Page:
Wolvington, who also performs onstage, loves how the skits bring issues to life. “Putting on a show like that is a completely different kind of effort than just counseling, he says. A speech may give them the same information, but it’s nowhere near as effective as a drama with live actors. And we know we’re getting through to them, because they laugh at the right places and they nod their heads throughout the show.”

Because Savvy Seniors indirectly receives government money (it’s a little complicated: the group falls under the aegis of the Senior Medicare Patrol, which is subsidized by the Administration on Aging), all scripts are vetted by the Vermont SMP and such partners as the State Health Insurance Assistance Program. This ensures that all the information conveyed is in line with national and state guidelines. Despite the plays’ farcical take on issues (served up with plenty of corn and ham), no one really thinks these are laughing matters. Older Americans are defrauded at twice the rate of the general population, according to the senior advocacy group National Association of Triads. MetLife estimates the losses at approximately $29 billion annually.

At present, Savvy Seniors is the only such project in the SMP to use theater this way, and based on audience responses, the program is a success. Aside from the spate of thank yous and invitations to return, the group sees what happens in the lively Q & A sessions that follow each performance, where audience members often stand up and reveal fraudulent “attacks” on them, family members and friends. Sadly, many of the stories don’t have happy endings. Perhaps the greatest sign of success, Hoy says, is that some people have valued the performances so much that they felt compelled to join, either onstage during the show or afterward, by joining one of the two other regional groups that have been created in Bennington and Burlington to cover more territory and reach more people.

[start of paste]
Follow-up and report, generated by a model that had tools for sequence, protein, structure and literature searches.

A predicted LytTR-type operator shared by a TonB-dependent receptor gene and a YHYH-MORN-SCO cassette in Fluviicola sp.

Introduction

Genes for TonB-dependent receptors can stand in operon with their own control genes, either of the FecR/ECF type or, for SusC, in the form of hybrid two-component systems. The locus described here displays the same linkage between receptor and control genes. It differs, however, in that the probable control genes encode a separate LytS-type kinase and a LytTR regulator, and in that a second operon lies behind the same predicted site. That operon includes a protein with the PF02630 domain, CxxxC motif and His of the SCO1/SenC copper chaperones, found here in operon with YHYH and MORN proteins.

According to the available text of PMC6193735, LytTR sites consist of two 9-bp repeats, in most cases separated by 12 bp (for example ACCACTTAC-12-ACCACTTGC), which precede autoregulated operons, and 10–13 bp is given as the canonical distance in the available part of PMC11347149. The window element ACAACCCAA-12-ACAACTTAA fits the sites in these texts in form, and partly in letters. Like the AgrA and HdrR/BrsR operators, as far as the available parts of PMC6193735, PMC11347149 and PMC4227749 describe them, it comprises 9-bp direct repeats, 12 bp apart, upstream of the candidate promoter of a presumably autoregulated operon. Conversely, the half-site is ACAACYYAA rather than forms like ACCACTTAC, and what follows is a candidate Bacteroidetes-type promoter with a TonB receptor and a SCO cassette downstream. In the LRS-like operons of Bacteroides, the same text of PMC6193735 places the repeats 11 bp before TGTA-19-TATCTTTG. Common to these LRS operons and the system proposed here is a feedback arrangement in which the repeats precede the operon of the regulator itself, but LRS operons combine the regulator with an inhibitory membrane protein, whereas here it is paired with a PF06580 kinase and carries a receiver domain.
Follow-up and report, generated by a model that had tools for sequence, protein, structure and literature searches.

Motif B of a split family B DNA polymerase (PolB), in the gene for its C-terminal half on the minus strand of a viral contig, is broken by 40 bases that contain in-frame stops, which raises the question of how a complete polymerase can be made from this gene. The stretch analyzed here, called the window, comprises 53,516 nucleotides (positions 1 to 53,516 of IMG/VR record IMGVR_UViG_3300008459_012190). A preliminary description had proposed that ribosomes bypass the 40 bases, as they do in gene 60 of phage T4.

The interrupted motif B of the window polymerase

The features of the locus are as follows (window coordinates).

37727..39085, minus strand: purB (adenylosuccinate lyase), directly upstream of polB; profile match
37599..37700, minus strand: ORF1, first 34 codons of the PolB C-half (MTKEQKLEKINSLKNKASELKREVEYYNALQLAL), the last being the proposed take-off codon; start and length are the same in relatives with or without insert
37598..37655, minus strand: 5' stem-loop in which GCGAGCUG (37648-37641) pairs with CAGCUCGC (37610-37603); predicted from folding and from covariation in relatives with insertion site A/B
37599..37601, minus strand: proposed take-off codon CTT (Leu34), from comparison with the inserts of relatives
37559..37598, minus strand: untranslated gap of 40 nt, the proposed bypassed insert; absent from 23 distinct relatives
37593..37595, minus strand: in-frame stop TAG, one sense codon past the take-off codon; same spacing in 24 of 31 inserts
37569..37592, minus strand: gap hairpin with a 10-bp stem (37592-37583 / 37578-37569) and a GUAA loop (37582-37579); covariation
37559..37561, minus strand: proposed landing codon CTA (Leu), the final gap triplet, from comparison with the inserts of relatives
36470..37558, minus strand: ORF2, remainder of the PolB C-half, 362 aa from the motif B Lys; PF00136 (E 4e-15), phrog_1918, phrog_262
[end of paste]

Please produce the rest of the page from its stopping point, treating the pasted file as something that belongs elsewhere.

Hoy and Zook are preparing “tool kits” in English and Hindi (with French and Spanish ones in the works) containing prop lists, skit material, introductions and summaries and basic SMP information — everything a group would need to get started. They’d love to see their program go national, through other local and statewide senior groups. “This is a fabulous training model,” Hoy says, “because the performances provide ‘permission’ for folks to have made a mistake and to talk about it without embarrassment or shame.”

Even if they never snag a single off-off-off-Broadway award, the Savvy Seniors know their value. In the play about the sleazy slick life insurance salesman, Fred Johnson sets a proud example by not failing for his scam and kicking him out the door. For a generation written off as weak, vulnerable or struggling with ebbing confidence, such scenes provide powerful motivation. A picture may speak a thousand words, but demonstrating positive behavior motivates people to take necessary actions.

After teaching English in Europe and Turkey for 10 years, Mike Dunphy earned a master’s degree in writing at Emerson College and writes about a variety of subjects from his new home base in Brooklyn N.Y.